I’m living the reality of the ironic “Ski Dubai” t-shirt. I just skied in the desert.
Will, the Air Force flight surgeon, wandered into my office one day and said to me
“You want these ski/snowshoe things? I’m moving to Hawaii. No snow there.”
Antarctica to Hawaii. Military life.
The “ski/snowshoe things” he was referring to are cheap plastic contraptions that blend skis and snowshoes. They clock in at about two and a half feet long with snowboard style boot attachments. He had two sets, which is perfect because now that winter has set in, we are not allowed to venture off station solo. A week or so later, PF and I decided to do the Castle Rock loop again. We met in the clinic and he spied them sitting next to my desk and inquired. I suggested we give them a shot. I had put no effort into figuring how they worked or if they worked for that matter. The middle section folded out like wings to allow for the attachment of crampons to the center, under foot. They required the attachment of crampons to stay open. The crampons just wedged in. Not exactly the pinnacle of snow sport design but, we decided to give them a shot all the same.
About 30 minutes into the hike, just as we hit the snow and ice, we decided to try our new toys out. We probably should have put more time into figuring out how to use them while we were inside. Not outside in the freezing cold. PFs boots were far too small – drastic lateral foot movements provided no movement of the skis. I was missing a crampon and some of the straps broke as they were well rusted. So we were both at a bit of a disadvantage. Nevertheless, we sallied forth with a laugh, numb fingers and a mild sense of trepidation. It was that feeling that things would probably be fine, but if injury ensued, no one would’ve been surprised. It was one of those moments when your responsible friend gives out a long sigh and looks at you disapprovingly, perhaps with a shake of his head, but doesn’t quite disapprove enough to actually try and put an end to the shenanigans. Eventually, we came to the back side of the hill, the downhill side. Uphill in these things was a total failure Without functioning crampons, we had been trying to go uphill in “ski” mode. Didn’t work so hot. Let’s see how downhill works. PF couldn’t really turn. He went wherever gravity felt inclined to take him. Braking happened by falling over. Since my boots were bigger, mine had some maneuverability, as long as I didn’t try to lift up my left foot. The straps were broken and my foot would come right off. But, we managed 200 ft sections at a time. Until we got the steeper stuff. PF had the ingenious idea to sit on one instead. Steering was again an afterthought, but it worked like a charm. Snow spraying in my face added lack of visibility to lack of steering. Physics, however, is quite reliable and I knew what direction I was headed. Down. There was a great, big, flat expanse at the end, so I wasn’t too concerned. We made it. From there it was a casual slog back to our station, up a cold, dusty hill.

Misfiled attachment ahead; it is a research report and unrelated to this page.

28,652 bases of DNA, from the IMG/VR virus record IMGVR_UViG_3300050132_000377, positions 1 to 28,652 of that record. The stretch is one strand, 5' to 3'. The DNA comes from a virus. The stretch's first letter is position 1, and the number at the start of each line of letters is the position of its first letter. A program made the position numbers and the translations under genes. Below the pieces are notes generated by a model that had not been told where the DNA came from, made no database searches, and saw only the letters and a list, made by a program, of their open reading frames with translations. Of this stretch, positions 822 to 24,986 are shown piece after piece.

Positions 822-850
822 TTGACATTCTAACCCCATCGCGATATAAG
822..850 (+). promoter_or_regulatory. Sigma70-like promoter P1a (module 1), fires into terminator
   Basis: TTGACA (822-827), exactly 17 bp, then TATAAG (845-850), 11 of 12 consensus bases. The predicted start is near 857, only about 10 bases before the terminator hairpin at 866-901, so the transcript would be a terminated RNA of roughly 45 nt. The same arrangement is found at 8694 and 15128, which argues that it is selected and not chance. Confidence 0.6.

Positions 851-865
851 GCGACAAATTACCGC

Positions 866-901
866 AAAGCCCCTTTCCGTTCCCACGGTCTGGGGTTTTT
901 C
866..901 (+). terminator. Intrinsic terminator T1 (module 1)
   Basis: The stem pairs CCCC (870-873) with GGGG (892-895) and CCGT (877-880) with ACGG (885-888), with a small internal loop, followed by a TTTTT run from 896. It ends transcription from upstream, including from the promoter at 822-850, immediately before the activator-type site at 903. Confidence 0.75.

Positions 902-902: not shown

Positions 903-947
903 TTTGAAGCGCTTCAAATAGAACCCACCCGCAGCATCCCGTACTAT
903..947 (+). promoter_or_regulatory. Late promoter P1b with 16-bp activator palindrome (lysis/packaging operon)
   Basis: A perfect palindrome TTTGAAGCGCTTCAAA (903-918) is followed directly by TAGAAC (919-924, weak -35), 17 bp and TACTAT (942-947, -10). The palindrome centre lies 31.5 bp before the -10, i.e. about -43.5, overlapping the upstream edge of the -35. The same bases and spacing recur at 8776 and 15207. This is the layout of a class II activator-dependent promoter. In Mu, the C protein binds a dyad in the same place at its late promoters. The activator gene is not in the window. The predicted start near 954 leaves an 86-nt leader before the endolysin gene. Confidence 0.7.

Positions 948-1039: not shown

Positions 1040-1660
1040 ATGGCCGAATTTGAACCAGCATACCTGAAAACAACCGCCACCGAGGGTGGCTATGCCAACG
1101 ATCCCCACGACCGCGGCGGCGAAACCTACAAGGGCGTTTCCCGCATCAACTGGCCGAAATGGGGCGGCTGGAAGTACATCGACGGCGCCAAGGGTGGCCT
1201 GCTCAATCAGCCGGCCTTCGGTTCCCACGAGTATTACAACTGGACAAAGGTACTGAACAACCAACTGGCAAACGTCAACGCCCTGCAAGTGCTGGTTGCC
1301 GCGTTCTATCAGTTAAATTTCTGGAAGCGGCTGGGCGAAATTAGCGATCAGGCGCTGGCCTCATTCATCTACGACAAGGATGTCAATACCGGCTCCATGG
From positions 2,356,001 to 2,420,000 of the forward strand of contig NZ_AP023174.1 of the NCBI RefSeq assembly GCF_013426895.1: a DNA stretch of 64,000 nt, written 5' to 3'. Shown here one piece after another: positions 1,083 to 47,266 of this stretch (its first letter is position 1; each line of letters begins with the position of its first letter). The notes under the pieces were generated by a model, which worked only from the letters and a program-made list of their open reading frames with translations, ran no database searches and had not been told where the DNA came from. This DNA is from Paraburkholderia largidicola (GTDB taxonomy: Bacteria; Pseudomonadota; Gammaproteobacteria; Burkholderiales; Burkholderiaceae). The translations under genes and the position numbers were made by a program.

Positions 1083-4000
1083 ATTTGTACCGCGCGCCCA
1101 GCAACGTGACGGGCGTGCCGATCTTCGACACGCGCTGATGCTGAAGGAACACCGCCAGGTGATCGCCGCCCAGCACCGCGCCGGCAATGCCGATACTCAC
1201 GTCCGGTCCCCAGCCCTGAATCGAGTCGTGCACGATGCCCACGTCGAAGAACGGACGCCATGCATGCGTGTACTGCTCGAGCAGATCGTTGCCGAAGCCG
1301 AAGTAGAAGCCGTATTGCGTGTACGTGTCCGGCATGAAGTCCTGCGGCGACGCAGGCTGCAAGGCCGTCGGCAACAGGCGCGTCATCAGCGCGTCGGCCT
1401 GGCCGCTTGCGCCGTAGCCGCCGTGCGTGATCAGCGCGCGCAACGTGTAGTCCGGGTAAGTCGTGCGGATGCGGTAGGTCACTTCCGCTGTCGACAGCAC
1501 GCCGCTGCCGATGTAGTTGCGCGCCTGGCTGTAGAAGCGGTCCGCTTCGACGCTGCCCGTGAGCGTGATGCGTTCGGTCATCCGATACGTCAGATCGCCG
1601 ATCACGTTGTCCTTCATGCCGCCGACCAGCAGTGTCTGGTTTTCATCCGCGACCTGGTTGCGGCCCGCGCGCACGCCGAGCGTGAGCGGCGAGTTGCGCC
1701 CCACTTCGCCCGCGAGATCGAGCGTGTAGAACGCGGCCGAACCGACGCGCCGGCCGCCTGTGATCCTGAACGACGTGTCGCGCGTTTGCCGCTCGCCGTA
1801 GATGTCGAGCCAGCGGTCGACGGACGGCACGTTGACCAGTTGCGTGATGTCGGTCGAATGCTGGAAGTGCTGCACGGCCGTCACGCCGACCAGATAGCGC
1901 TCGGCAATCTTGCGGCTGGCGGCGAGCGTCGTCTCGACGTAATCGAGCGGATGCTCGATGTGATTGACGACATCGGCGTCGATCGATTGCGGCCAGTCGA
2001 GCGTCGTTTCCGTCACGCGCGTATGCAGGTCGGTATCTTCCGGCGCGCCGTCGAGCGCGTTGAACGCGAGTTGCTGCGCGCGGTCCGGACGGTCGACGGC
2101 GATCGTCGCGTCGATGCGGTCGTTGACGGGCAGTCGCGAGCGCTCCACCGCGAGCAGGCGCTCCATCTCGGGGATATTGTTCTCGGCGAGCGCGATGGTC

To top it off, on the hike back, we passed by the Kiwi base. Along the road, at the transition from ice to volcanic ash, was a cluster of seals. The seals were so lazy, we actually thought one was dead. Until it farted. And then looked up in our direction. I think a seal farted in my general direction.
(extra points if you caught the Monty Python reference).